The Left in Fever Pitch After RNC 

Trump indicts and convicts Clinton in RNC finale 

“I honestly have never heard a speech that is … as full of fear — the most negative convention speech I have ever heard,” griped former Clinton Treasury Secretary Robert Reich.

“You can’t cover the country in a blanket of fear,” complained columnist Mike Barnicle on MSNBC.

“Donald Trump painted a picture of almost a dystopian, ‘Mad Max’ America,” whined NBC’s Willie Geist.

I haven’t seen the Left this upset with a GOP speech since Ronald Reagan — which is great news for Republicans. They’re back to screaming about “tone” and “negativity,” which is also a good sign for Republicans.

If the Democrats try to pretend that it’s “Morning in America” — that everything is OK, and we should stick to the status quo — then they could be running into a buzzsaw. On the other hand, how can they claim that they are for change when they are stuck with Hillary as the nominee?

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Trump on Thursday night did paint a bleak picture of America under President Obama — and how much worse it could soon be under Hillary Clinton.

“Our convention occurs at a moment of crisis for our nation. The attacks on our police, and the terrorism in our cities, threaten our very way of life,” he said. And: “Nearly 4 in 10 African-American children are living in poverty, while 58 percent of African-American youth are now not employed. Two million more Latinos are in poverty today than when President Obama took his oath of office less than eight years ago. Another 14 million people have left the workforce entirely.”

Sure, those statements may be depressing, but they are also facts. Pure and simple.

CNN’s Van Jones griped that Trump’s convention speech was too negative and “terrified” him. Whenever Trump seems to be connecting best with our anxious electorate, we hear liberals pine for Republican days of old — they compare him unfavorably to Ronald Reagan, claiming that Reagan was a sunny optimist. (Of course, we all remember when Democrats were calling him “Ronnie RayGun” and a “warmonger.”)

As for the notion that Reagan’s rhetoric was purely positive and aspirational — here’s a line from his speech at the 1980 convention: “Back in 1976, [Jimmy] Carter said, ‘Trust me.’ And a lot of people did. Now, many of those people are out of work. Many have seen their savings eaten away by inflation. Many others on fixed incomes, especially the elderly, have watched helplessly as the cruel tax of inflation wasted away their purchasing power. And, today, a great many who trusted Mr. Carter wonder if we can survive the Carter policies of national defense.”

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Trump’s words on Thursday echoed Reagan’s. “After 15 years of war in the Middle East, after trillions of dollars spent and thousands of lives lost, the situation is worse than it has ever been before,” he said. “This is the legacy of Hillary Clinton: death, destruction, and weakness.”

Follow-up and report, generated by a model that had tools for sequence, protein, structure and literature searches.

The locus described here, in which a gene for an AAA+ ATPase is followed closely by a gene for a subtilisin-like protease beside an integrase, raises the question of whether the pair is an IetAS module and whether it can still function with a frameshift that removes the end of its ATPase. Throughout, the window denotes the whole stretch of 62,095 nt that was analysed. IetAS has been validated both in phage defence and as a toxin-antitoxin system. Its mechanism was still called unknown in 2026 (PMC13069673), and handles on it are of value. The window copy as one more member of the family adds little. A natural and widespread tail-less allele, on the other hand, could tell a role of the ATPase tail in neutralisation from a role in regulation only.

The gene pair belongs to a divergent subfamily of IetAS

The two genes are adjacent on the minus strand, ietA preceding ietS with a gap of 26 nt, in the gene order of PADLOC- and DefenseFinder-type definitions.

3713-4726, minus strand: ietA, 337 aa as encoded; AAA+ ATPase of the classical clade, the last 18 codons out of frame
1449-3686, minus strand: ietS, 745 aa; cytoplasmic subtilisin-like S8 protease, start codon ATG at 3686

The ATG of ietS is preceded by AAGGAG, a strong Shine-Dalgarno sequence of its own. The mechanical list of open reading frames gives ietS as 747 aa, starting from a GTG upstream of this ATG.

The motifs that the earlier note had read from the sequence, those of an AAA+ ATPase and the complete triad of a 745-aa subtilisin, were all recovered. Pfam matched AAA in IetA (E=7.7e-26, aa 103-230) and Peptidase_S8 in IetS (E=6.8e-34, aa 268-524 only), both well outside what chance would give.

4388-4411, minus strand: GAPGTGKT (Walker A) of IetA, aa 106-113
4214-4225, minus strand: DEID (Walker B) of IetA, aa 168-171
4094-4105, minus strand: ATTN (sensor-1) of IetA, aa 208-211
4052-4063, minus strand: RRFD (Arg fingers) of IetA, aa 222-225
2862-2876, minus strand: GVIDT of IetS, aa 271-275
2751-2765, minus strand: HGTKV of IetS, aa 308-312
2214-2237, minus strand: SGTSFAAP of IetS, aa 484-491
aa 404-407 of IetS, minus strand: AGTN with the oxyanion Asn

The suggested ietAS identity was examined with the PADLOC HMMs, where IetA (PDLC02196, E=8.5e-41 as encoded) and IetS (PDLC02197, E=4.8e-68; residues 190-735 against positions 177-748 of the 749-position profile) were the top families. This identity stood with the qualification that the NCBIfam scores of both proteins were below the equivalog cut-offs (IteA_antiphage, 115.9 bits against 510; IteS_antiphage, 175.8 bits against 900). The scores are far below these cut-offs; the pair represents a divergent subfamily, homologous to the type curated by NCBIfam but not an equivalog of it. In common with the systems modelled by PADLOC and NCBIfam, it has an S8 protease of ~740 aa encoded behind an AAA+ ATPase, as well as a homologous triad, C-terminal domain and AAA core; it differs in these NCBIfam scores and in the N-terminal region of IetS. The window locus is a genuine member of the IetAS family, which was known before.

One other point: The fact that so many commentators felt that Trump’s speech was too dark is simply a sign of how out-of-touch folks inside the Beltway really are. For more than 10 years, Americans have been saying that the country is on the wrong track. And the press just ignored them. Now the press is finally starting to hear what Americans are really going through, and they are trying to pretend that things aren’t that bad.

If the Democrats try to pretend that it’s “Morning in America” — that everything is OK, and we should stick to the status quo — then they could be running into a buzzsaw.

But not everyone in the media thought Trump was ineffective or too dark. Some were actually surprisingly honest. Consider this from a writer at uber-liberal Salon, which seemed to have a sudden epiphany about the power of Trump’s message: “From the ashen, haunted faces around me in the press gallery, and the conversations over hastily guzzled drinks before and after, I feel sure I wasn’t the only person here who felt as if he were suffering from PTSD [post-traumatic stress disorder], sunstroke, and a stomach virus, all at the same time. Still, it was an educational bout with the existential flu. Anybody who still thought Donald Trump was a joke and a dumbass who would humiliate himself and his party go down to Mondale-scale defeat now knows better. You can pick Trump’s speech apart and examine its flaws, of course, but from the point of view of performance and dynamics only one verdict is possible. He killed it. He. Killed. It.”

We need a new elite that is prepared to deal with America as it is, instead of wishing our problems away — and in November, we may just get it.

The Democrats are going to put forward the same people, with the same ideas, that they have been pushing since 1992. The world has changed, and they are living in the past. Nostalgia can be fun, but it’s a luxury most Americans these days cannot afford. We need a new administration that will focus on the world as it is today, not engage in the fantasy of thinking that somehow we can return to the 1990s.

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Democratic voters know this. They blocked Hillary in 2008. They tried to block her in 2016.  But the donor class in that party is just too strong. The donors convinced Obama to go with the same old economic agenda that Bill Clinton had used, and it didn’t work. This year, the donors simply crushed all dissent, forcing Hillary on a party that doesn’t want her.

Unless she is defeated this fall, the Democratic Party will continue to calcify, trapped in a museum of old ideas that haven’t been fresh since the internet was invented.

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